Earth Day 2018: Let’s End Plastic Pollution

By Helen Chang
Sustainability Analyst
Sustainable Investment Group (SIG)

photo of plastic bottlesEarth Day 2018 is coming! This year, the Earth Day theme is ‘End Plastic Pollution’. Sustainable Investment Group (SIG) has always been an active participant in Earth Day events. Thus, we would like to offer some suggestions to both individuals and project managers on how to respond to the call of Earth Day 2018!

Why ‘End Plastic’?

In 2015, plastic waste was 6.9 billion tons in total. However, only 9% of the waste has been recycled, 12% was incinerated, and 79% has accumulated in landfills.

Why should we care?

Our Environment

Plastics takes up to 1000 year to degrade͑͐3, and it does not biodegrade completely. For the non-recycled plastic, it stays on the earth a lot longer than we do.

The Ocean

Due to poor management of plastic debris, a huge amount of plastic waste can be found in the ocean. According to National Geographic, besides the already known North Pacific Garbage Patch, another garbage patch that is larger than Mexico was recently found in the South Pacific Ocean6. These plastic wastes trap marine animals, such as seals, and are frequently eaten by animals, such as sea birds as well as turtles. It is predicted that in 2050, we will find more plastic than fish in the ocean1.

The Land

The plastic waste in the landfills also causes severe environmental effects. After being exposed to the rain, the plastic dissolves and releases toxic leachate4, which leaks to the land, groundwater, and water sources nearby. Eventually, this contamination kills animals and affects human health.

The Air

Plastic is produced from petroleum, which is a non-renewable resource. The production generates harmful waste to the environment: the drilling process releases numerous harmful gases. At the same time, the incineration of the 12% plastic waste also generates greenhouse gases that lead to global warming.

Your Health

Marine organisms are not the only victim of the plastic waste. From water source to food, we indirectly consume plastic in various ways. Plastic is not biodegradable so it is present as small plastic fragments that we cannot see. As mentioned above, plastic is present in many water sources and consumed by ocean animals. The ocean creatures are further consumed by higher level creatures. Eventually, we are the ones who absorb the accumulated plastic. The consumption of plastic is believed to cause genetic disorders, reproductive system abnormalities, cancer, diabetes, and other diseases1.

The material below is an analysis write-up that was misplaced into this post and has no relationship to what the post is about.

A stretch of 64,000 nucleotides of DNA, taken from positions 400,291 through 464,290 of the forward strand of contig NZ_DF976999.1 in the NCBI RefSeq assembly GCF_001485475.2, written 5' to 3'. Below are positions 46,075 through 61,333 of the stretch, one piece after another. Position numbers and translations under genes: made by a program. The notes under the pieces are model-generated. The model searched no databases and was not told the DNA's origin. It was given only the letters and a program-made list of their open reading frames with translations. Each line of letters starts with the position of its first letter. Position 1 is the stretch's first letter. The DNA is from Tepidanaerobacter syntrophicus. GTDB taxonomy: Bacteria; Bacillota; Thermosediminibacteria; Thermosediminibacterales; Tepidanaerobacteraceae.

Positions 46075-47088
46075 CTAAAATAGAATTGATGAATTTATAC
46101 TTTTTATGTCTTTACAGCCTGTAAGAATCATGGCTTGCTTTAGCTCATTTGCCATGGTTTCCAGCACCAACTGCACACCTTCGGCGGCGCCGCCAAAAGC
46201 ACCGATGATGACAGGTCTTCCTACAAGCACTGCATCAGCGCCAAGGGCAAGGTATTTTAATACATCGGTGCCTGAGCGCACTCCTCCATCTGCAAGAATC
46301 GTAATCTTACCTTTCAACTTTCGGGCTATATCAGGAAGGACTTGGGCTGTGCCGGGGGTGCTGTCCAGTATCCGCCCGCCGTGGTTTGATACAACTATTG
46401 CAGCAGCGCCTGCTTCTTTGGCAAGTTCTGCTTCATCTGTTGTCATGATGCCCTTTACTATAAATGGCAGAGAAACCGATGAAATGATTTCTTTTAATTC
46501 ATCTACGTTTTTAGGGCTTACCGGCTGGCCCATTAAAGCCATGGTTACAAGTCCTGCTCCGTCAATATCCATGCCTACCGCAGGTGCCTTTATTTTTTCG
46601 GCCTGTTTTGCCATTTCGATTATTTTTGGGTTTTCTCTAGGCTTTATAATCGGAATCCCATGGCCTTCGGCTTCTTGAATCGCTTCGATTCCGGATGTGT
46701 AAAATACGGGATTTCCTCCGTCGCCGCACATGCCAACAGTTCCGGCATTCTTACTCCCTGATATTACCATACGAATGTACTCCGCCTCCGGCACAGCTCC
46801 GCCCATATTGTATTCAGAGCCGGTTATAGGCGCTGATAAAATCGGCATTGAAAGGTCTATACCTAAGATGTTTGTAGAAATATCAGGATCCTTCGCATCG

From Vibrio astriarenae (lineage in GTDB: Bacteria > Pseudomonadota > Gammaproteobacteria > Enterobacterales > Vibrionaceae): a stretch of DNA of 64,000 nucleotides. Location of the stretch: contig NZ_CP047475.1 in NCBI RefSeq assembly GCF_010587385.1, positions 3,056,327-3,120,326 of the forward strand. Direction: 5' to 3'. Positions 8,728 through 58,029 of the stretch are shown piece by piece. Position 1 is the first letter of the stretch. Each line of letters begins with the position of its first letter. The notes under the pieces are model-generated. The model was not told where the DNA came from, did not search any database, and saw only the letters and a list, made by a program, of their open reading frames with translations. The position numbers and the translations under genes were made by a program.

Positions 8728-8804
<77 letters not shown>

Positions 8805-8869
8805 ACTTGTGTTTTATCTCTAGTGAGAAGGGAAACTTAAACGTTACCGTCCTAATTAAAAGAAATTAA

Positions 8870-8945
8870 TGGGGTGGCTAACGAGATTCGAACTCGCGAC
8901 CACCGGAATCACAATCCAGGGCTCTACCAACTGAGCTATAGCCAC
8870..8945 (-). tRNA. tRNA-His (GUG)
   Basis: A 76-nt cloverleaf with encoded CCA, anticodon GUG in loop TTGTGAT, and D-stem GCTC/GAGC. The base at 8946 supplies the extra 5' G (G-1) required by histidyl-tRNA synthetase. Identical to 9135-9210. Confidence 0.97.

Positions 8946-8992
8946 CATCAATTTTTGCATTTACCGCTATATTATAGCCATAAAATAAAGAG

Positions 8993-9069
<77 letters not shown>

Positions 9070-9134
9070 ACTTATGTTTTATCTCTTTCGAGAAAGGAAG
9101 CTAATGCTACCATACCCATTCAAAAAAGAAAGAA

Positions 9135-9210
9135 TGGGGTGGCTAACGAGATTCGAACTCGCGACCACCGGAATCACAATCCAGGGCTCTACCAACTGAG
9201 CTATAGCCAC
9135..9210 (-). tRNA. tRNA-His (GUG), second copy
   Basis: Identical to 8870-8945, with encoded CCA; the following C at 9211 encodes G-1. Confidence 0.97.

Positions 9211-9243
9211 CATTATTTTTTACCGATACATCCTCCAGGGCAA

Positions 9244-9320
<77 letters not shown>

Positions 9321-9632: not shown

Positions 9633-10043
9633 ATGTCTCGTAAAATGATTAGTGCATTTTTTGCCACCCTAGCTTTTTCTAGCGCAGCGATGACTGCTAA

Your Pocket

For an average American who buys 167 plastic water bottles per year, they are spending $266 dollars per year. For 5 years, you will spend $1,330 if inflation is ignored. Instead, if you buy a reusable bottle and refill your water for free, you will only spend 15-40 dollars on water for the same 5 years. Additionally, we live for about 80 years, that’s a $17,290 savings5!

LEED Credits

The most exciting part about restricting plastic waste is that we can earn LEED credits by doing so! By properly implementing recycling policies, you can meet the requirement for Materials and Resources credit 1 and credit 4 easily! If you come up with creative ideas to limit plastic waste, you can also earn the Innovation point for your buildings.

What can we do?

If you care about the earth and your health, take action now? Simple changes in habits will help a lot!


  • use reusable grocery bags | end plastic pollution | Earth Day 2018Bring your own grocery bag while shopping.
  • Bring your own bottle.
  • Avoid disposable utensils.
  • Eat more fresh food instead of packaged food: for your health and the planet! (Packing plastic makes up a huge portion of plastic usage)
  • Recycle your plastic items when you have to use them.
  • Volunteer at a plastic picking event with your friends and family.
  • Spread the word and share relevant issues on social media. Let more people be aware of the severity of plastic pollution!

Property Managers

  • Install a water fountain in a common area.
  • Hang detailed recycle instructions near trash bins.
  • Provide reusable grocery bags for the tenants.
  • Frequently host events that increase tenants’ awareness of plastic pollution issues, such as trivia, a monthly e-mail of fun facts, and more!
  • Set a common goal to reduce plastic usage for your building, and give everyone some rewards when the goal is reached!



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